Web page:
Why do we watch football?

I apologise for beginning with such a loaded question but how we answer it defines what we would call “success” for the teams we support.

At the top level, what defines “success” is ever-changing.

It used to be all about the silverware. A team who won titles and trophies was a successful team. There was tangible proof of a team that conquered all.

However, in recent years, we’ve seen the significance of trophies played down for intangible, symbolic success. For example, the infamous “top four trophy” and obsession with qualifying for the Champions League.

Tottenham Hotspur are a fine example of this in action.

They’re a team that has improved dramatically in the last four years and have frequently been labelled one of the best teams in the division, if not the best.

People have been so impressed by their football, their title challenges, and the way they’ve improved players that the fact that they haven’t won a trophy is rarely seen as a bad thing. For Tottenham, a club that’s not been among the trophies in the last two decades, this is a hugely successful period.

That context is important because it shapes the perception of them as a club. We give more leeway to teams for who we have little expectation for, as opposed to the Manchester Uniteds, Chelseas and Arsenals of the world, who always come with massive expectation regardless of what shape they’re in.

For a club like Tottenham, the progress they’re making and the potential of what they could become is what excites people.

It’s what prompts a writer such as Jonathan Wilson to claim in the Guardian that Spurs had done everything they could possibly do to be successful – and that if they can’t win anything, who else but the state-funded clubs can?

There is a contradiction here, wherein clubs who do win trophies – for example, Arsenal’s three recent FA Cups – are not as celebrated. It’s success, but it’s not good enough. There’s a standard they have to live up to that doesn’t exist for certain other clubs.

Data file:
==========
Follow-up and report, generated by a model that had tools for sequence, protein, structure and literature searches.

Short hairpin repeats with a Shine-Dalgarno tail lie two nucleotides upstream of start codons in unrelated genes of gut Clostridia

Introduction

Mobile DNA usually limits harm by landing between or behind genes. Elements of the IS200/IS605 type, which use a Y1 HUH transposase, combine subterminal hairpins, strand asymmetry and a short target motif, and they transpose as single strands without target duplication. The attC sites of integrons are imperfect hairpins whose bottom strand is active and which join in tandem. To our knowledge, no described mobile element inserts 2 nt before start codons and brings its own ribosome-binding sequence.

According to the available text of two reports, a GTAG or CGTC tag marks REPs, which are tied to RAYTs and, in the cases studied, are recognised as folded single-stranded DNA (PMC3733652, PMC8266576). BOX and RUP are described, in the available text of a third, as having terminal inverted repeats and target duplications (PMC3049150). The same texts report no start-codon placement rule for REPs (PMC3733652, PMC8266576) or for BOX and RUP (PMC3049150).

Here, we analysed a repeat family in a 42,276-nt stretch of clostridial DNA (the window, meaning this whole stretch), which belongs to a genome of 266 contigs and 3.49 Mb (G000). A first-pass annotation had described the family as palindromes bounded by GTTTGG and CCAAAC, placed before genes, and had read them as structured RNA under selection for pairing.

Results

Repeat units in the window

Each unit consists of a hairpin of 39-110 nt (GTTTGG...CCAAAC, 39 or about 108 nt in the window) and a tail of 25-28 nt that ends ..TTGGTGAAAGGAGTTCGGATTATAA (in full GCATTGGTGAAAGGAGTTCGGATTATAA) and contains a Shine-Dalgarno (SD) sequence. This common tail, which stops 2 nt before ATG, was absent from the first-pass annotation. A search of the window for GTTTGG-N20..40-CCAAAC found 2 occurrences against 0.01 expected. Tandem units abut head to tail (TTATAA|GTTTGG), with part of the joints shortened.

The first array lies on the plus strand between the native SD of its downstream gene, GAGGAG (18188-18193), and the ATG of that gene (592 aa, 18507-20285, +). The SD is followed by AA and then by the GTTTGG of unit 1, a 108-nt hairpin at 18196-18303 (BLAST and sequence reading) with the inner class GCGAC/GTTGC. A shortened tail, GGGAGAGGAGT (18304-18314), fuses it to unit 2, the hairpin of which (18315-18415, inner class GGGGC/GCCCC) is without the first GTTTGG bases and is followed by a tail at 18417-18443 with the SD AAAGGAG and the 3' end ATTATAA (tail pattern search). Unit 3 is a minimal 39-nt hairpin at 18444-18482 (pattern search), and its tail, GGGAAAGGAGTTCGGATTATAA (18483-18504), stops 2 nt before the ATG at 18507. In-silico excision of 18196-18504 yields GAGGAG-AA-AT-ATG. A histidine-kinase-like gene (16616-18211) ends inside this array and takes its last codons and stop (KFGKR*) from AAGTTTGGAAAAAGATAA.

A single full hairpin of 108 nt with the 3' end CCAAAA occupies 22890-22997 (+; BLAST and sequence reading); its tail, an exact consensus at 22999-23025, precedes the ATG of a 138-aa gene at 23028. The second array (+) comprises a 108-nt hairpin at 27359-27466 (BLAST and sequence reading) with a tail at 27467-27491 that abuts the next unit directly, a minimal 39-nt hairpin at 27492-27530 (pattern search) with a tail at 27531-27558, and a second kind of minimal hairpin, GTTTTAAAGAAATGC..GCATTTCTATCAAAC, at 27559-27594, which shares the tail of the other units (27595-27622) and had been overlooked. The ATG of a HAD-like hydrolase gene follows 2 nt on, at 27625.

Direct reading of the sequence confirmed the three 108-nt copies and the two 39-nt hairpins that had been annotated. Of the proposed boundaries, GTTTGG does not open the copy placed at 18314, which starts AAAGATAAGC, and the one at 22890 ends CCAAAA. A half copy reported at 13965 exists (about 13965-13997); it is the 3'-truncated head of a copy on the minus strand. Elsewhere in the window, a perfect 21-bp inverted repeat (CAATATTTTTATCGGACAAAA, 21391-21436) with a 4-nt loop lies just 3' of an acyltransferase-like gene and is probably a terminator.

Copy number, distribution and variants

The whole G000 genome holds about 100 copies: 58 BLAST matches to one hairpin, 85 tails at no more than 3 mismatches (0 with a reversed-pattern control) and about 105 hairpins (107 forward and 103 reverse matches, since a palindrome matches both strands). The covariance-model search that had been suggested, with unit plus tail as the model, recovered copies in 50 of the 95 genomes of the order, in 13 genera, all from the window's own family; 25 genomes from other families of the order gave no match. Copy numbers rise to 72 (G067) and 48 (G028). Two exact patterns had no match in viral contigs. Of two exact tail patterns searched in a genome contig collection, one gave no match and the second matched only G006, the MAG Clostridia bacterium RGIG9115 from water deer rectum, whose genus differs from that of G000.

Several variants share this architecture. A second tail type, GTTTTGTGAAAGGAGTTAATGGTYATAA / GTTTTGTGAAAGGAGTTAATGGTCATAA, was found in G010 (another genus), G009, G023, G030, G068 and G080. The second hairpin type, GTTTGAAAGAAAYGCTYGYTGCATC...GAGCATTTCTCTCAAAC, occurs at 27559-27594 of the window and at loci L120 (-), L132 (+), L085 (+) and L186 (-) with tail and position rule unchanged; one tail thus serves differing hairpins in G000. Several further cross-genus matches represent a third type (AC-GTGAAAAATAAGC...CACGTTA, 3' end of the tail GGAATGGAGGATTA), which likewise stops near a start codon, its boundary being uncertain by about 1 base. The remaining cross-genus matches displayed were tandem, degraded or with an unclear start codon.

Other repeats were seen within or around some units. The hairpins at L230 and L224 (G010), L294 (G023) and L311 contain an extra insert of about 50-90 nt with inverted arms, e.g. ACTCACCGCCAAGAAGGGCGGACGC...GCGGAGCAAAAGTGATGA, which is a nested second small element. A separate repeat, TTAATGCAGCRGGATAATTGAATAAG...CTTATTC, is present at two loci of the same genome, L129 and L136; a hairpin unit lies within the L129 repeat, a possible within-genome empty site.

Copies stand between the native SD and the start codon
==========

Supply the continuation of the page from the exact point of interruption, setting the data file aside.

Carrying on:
I totally get that. There’s a need to celebrate Spurs for what they have done, brought about by a weariness towards the lavish spending. Just as Leicester became the darlings of English football for a year, people want a team like Spurs to overcome the established order. More than that, there’s always an innate desire to see the underdogs win.

Hence, I believe that what defines success changes to suit that desire. Upcoming teams no longer need to win anything to be considered exciting teams because we’re forever enticed by the possibility, not the outcome.

This is also a result of greater financial reward trumping the so-called honour and glory of winning, say, the FA Cup.

For years, managers played up the importance of qualifying for the Champions League. The riches that comes with it enable them to attract the best talent in Europe. In doing so, they become a stronger team capable of challenging for the major honours.

Again, it’s all about progress and potential. It’s all about the process, not the outcome.

The number of teams who can win a Premier League or a Champions League is dwindling. Unless you are part of this exclusive club which sets a high bar for resources and standards, it’s unrealistic to expect to win these competitions. The chances of doing so are too small.

To that end, there has to be something else we can judge our teams on; either a tangible measurement from point A to B, or an intangible emotion.

We can measure a team’s progress in terms of points, league placing and goals. We can also measure it in how proud and joyful we feel as supporters.

As an Arsenal supporter, I want my team to win the Premier League, but where we are now, I would be infinitely happier with being an attractive, competent team again. Our league placing might not improve, but a season that demonstrates that to me would be a success in my mind.

When I watch football, I want to be entertained and satisfied that things are going in a positive direction. That’s not limited to just winning games and trophies, though the two are undoubtedly important.

Moreover, I want to have happy memories.

The joy of success is not found in the trophies, it’s in the memory. It’s looking back on a period and remembering what a fun time you had as a supporter.

I imagine that Spurs fans, regardless of how many trophies are won, will look back on this period with great fondness. They’ve gone from nationwide mockery to beating the likes of Real Madrid and Borussia Dortmund, finishing above Arsenal in the league and having one of the world’s best strikers.

From that perspective, they’ve been successful – successful at enriching the experiences of its fanbase.

One could argue that those who downplay trophies are those who never win them.

And that is true. Typically, the ones who say they don’t need to win competitions are the ones who can’t win them. I should know, because Arsene Wenger became a master of doing that.

I truly feel, though, that it’s not a bad thing. Trophies are great, but they’re not the be-all-end-all of football. There are other successes worth celebrating.